Denver Bar Association
December 1999
© 1999 The Docket and Denver Bar Association. All Rights Reserved.
All material from The Docket provided via this World Wide Web server is copyrighted by the Denver Bar Association. Before accessing any specific article, click here for disclaimer information.

Lawyers Can be 'Shocking'

by Diane Hartman


"Of the 6,000 calls they get each year, neglect of a client and failure to communicate are at the top of the list."

Six months ago, before Nancy Cohen was appointed Deputy Attorney Regulation Counsel, she had a trial practice and often defended lawyers in front of the grievance committee.

Now, she’s on the other side, and has taken to using words like "shocking" and "surprising" about some things that lawyers do to get in trouble.

"Shock" would describe her reaction to a lawyer who advised his client to ignore a court order and then who later took the stand and admitted he told his client not to follow what the judge said.

"Surprising" would apply to several lawyers who were supposed to hold money in trust until their clients signed a document. The clients promised to sign and asked for the money – they got the money but never signed. Opposing counsel then wanted the agreement. "It’s only a deal if it’s signed," she said.

For at least a year, grievances in Colorado have been handled in a different way (see The Docket, September 1999) and The Colorado Lawyer, January 2000.)

Due to new rules, the Regulation Counsel now gets cases where lawyers don’t pay their child support. "If they’re in arrears and they don’t meet an exception (like they’re getting a court-approved plan or have filed a motion to modify, etc.), we have to file a petition for immediate suspension," Nancy said.

Another new rule is that banks have to notify them if someone is overdrawn on their trust account. "The rule went into effect July 1 and we’ve had 140 notifications since then." She said they’ve had to investigate only a few because there are often bank errors and other mistakes. Sometimes a cautionary letter is sent out saying "you’re dealing with other people’s money — be careful."

Of the 6,000 calls they get each year, neglect of a client and failure to communicate to a client are at the top of the list.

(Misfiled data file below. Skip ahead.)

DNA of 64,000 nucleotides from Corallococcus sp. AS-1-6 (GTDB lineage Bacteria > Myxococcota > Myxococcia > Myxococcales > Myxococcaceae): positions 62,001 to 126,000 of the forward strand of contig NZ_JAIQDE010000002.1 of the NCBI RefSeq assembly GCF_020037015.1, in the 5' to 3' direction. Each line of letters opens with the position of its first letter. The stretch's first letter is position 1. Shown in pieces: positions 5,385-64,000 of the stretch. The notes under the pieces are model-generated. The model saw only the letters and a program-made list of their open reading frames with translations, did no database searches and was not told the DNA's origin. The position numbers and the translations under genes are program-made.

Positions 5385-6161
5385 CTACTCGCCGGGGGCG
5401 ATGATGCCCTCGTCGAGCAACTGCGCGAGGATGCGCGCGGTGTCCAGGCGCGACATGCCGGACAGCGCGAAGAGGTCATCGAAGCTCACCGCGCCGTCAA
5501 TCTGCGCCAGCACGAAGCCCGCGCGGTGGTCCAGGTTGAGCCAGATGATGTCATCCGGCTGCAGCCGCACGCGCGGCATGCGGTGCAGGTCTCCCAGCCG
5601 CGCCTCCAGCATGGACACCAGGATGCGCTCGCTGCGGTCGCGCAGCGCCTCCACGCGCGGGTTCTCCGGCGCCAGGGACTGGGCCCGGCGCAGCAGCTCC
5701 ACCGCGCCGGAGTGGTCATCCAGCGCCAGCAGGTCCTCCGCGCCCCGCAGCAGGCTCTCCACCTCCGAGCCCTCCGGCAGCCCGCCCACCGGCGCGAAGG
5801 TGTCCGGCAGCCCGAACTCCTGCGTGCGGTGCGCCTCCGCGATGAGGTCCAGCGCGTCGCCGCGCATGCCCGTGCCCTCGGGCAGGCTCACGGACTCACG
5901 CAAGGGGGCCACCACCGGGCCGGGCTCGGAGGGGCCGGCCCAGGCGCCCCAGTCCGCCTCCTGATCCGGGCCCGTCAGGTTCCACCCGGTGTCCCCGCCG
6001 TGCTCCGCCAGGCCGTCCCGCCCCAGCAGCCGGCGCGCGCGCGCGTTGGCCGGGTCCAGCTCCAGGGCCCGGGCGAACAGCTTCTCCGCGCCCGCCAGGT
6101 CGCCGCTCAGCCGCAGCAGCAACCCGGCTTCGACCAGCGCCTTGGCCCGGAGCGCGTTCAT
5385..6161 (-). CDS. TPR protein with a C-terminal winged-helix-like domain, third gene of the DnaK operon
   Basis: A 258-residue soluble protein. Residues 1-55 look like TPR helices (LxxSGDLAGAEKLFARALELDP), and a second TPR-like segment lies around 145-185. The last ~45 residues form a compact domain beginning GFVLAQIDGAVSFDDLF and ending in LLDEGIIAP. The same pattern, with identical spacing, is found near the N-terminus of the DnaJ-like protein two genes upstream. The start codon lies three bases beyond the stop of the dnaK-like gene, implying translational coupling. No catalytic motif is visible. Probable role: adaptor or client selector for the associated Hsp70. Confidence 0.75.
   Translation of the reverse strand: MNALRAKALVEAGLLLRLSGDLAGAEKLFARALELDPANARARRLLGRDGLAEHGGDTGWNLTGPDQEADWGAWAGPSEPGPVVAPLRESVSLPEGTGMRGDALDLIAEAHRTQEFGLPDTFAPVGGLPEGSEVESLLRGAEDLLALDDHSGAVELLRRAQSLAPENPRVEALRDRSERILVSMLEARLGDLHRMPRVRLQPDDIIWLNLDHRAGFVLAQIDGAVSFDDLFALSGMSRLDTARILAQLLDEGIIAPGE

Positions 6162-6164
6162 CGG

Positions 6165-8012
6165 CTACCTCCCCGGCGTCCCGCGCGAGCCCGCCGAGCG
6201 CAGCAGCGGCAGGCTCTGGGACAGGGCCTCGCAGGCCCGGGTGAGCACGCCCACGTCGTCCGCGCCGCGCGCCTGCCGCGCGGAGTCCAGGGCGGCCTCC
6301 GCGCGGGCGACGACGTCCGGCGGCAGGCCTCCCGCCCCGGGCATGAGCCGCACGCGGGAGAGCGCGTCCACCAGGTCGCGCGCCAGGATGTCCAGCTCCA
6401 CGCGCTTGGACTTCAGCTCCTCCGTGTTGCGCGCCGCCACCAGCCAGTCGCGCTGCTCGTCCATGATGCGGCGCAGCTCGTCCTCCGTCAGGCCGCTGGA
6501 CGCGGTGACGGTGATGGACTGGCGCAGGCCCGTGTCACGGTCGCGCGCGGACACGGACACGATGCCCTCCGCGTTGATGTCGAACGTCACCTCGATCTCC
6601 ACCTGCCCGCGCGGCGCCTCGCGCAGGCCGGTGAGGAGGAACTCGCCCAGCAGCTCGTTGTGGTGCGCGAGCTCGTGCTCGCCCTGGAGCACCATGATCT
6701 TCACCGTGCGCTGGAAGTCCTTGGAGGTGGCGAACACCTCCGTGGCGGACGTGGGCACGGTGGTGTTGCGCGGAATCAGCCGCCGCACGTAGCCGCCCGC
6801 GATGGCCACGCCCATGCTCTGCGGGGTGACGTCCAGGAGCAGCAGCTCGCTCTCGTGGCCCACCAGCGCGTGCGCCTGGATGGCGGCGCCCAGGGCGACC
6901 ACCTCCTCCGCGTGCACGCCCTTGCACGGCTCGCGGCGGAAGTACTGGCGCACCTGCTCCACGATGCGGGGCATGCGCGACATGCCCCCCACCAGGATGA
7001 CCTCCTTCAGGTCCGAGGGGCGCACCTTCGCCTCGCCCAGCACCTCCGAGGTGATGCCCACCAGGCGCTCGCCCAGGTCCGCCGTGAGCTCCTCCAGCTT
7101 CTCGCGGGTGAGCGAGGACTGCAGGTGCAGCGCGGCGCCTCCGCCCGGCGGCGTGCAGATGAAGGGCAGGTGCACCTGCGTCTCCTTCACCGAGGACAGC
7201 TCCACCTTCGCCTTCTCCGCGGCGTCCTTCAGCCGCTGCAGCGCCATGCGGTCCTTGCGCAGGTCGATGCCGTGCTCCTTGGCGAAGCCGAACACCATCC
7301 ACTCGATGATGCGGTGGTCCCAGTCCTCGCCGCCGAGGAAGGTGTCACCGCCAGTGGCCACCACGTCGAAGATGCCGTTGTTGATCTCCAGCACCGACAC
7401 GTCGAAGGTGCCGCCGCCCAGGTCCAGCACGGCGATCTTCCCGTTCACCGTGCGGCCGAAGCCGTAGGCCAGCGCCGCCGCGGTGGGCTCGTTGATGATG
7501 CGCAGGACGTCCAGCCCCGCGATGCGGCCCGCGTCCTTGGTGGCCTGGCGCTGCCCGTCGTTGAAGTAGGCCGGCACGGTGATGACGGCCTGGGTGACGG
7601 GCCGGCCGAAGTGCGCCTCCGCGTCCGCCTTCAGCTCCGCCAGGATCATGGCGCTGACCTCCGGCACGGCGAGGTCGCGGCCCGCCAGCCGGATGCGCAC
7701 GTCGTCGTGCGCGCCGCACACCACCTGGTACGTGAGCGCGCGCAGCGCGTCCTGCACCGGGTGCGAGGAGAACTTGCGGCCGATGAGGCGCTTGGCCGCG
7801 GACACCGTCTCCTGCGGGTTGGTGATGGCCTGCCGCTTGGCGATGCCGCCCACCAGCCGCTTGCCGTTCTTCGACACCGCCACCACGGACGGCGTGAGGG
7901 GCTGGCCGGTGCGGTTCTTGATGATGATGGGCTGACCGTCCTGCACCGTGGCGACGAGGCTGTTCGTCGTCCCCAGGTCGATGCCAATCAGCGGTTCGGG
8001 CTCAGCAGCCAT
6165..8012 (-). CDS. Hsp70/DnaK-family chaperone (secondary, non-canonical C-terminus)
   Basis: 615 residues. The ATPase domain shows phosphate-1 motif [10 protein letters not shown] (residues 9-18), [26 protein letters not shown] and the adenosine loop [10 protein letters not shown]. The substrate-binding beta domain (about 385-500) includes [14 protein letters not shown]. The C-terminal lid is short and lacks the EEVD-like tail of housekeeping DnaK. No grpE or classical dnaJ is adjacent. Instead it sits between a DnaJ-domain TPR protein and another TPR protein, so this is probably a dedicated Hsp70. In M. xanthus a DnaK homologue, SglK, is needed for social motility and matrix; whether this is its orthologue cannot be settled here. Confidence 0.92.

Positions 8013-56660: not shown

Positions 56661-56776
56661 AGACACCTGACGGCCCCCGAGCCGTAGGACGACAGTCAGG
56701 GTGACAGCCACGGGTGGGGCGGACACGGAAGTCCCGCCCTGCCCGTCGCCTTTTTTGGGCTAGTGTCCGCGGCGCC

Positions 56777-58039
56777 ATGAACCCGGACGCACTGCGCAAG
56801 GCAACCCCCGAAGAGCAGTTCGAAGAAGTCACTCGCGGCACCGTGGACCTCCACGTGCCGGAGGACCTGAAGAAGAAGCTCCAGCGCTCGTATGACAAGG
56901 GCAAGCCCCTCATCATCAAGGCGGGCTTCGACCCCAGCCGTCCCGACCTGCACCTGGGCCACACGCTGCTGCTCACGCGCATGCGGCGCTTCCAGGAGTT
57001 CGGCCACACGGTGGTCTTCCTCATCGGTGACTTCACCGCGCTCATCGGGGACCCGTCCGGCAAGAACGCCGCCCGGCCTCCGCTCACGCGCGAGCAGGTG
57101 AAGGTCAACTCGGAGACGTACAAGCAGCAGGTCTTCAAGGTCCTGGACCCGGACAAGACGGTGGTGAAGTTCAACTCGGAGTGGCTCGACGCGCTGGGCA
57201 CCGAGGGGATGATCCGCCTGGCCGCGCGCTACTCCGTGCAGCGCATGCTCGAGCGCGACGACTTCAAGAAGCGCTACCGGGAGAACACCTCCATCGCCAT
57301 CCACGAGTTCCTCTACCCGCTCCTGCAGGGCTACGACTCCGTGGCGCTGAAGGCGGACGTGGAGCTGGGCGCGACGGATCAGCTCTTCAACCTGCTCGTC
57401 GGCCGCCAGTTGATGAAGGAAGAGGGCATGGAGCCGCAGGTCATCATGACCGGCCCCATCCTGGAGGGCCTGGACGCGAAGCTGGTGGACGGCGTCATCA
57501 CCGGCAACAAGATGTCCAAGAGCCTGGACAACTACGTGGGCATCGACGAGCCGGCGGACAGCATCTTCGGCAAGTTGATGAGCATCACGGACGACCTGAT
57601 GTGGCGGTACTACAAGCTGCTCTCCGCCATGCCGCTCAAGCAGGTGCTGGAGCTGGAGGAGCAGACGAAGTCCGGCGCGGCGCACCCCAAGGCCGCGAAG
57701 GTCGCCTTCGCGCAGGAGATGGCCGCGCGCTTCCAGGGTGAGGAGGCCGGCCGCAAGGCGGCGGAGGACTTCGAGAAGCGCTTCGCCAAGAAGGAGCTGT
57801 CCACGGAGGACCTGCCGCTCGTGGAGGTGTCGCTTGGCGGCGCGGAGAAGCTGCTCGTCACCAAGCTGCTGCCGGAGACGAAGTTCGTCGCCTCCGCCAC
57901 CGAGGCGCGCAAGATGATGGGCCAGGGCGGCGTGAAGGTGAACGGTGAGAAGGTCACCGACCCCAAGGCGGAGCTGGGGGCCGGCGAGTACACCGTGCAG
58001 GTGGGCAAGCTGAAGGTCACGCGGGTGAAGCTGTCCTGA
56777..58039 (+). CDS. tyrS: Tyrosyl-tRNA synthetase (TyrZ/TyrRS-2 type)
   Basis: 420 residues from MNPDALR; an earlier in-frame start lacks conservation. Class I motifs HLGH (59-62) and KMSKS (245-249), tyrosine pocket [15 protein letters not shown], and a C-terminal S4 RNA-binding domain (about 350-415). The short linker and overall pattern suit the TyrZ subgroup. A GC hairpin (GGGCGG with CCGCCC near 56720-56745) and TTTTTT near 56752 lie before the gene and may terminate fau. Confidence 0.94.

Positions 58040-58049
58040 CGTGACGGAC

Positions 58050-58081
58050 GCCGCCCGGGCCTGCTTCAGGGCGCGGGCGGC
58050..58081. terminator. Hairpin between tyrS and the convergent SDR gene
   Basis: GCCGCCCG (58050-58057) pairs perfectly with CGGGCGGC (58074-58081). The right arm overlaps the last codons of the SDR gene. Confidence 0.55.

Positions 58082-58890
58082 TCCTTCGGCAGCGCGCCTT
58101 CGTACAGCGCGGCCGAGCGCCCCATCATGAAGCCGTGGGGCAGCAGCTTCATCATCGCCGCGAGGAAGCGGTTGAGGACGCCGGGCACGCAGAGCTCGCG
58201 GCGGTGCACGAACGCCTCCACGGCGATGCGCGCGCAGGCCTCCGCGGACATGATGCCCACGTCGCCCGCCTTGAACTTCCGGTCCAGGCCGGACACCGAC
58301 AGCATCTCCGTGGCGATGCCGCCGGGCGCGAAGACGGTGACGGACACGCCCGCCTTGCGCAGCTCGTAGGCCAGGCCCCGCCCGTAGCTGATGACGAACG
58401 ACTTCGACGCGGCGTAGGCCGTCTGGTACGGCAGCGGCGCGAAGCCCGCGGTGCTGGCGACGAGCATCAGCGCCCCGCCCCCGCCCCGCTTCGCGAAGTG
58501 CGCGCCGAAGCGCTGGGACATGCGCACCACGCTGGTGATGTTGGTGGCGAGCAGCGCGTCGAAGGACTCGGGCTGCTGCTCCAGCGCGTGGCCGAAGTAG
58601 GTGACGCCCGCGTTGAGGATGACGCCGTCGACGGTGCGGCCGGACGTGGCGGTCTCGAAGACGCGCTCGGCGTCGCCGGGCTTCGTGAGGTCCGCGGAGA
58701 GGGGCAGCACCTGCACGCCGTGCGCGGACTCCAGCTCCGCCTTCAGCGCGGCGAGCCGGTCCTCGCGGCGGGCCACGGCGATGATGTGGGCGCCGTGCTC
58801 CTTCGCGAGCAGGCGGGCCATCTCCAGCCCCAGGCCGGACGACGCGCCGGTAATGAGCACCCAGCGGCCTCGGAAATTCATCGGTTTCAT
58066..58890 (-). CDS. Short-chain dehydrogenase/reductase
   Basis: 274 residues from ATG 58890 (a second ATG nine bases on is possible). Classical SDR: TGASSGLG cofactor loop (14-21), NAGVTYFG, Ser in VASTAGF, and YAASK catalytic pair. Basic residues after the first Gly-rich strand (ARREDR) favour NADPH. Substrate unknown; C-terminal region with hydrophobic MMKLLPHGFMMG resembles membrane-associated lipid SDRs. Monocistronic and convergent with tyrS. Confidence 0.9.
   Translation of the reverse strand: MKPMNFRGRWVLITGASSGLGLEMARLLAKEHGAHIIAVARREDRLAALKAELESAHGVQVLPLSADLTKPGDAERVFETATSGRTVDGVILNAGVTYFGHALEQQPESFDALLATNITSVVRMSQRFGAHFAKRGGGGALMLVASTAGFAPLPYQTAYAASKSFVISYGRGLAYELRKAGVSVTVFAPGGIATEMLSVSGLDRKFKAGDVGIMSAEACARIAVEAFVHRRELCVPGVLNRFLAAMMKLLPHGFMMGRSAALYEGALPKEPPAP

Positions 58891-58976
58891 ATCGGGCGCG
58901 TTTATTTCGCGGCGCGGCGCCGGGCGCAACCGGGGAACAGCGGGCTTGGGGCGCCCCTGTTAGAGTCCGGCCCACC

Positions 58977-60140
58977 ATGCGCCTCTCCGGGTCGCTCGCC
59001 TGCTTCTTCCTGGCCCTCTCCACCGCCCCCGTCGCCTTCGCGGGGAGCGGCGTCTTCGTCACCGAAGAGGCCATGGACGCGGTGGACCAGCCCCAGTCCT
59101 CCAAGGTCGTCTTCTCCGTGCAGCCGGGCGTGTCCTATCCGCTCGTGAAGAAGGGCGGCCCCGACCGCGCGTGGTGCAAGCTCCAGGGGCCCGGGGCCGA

"The worst is when somebody is just taking money and is neglecting the client and the practice. For some, it may be an alcohol or drug problem or mental illness like depression. For some, the lawyer is new and hasn’t had any mentoring. They get in a high-volume practice and get overwhelmed."

She has some words of advice that won’t surprise anyone:

"Return those phone calls. I remember hearing a lawyer on the grievance committee in the early ’80s saying ‘you should never see the sun set twice before you return a phone call.’ That’s very good advice.’’

What’s hard to do, she said, "is put yourself in the client’s place. They think this is your only case. They’re anxious, terrified and sometimes unsophisticated. You may not have time to return all the phone calls, but you can get someone to call and say when you’ll be available. There are ways to communicate."

The first meeting with a client is critical, she said. "If clients walk in the door and you think you don’t want to represent them, don’t! If you do take them, it’s important to set up realistic expectations and explain how cases progress, and that there are lulls. Set out a fee agreement and explain that you charge for phone conferences. Put it in writing."

Nancy said she is surprised by what some lawyers do: "You want to sit them down and say ‘what were you thinking’???"

But the truth is "most lawyers don’t have problems. We see a small percentage of lawyers who have significant problems and we get a lot of complaints against those lawyers – sometimes 30 or 40 each over a period of time. The complaints are usually from clients."

The new system is working well, Nancy said. "If you believe in education—and I do—this teaches lawyers to think about what they do. For people who’ve engaged in minor neglect or misconduct, where the client hasn’t really been harmed, we’ll do diversion agreements. In the old system, it would have been a public censure or less. Our hope is, if they’re sent to ethics school (or any other diversion program), we can address the problem and we won’t see them again."

If readers have any comments about the new grievance process, The Docket would like your feedback.
Send to:

Member Benefits DBA Governance Committees Public Interest The Docket Metro Volunteer Lawyers DBA Young Lawyers Division Legal Resource Directory DBA Staff The Docket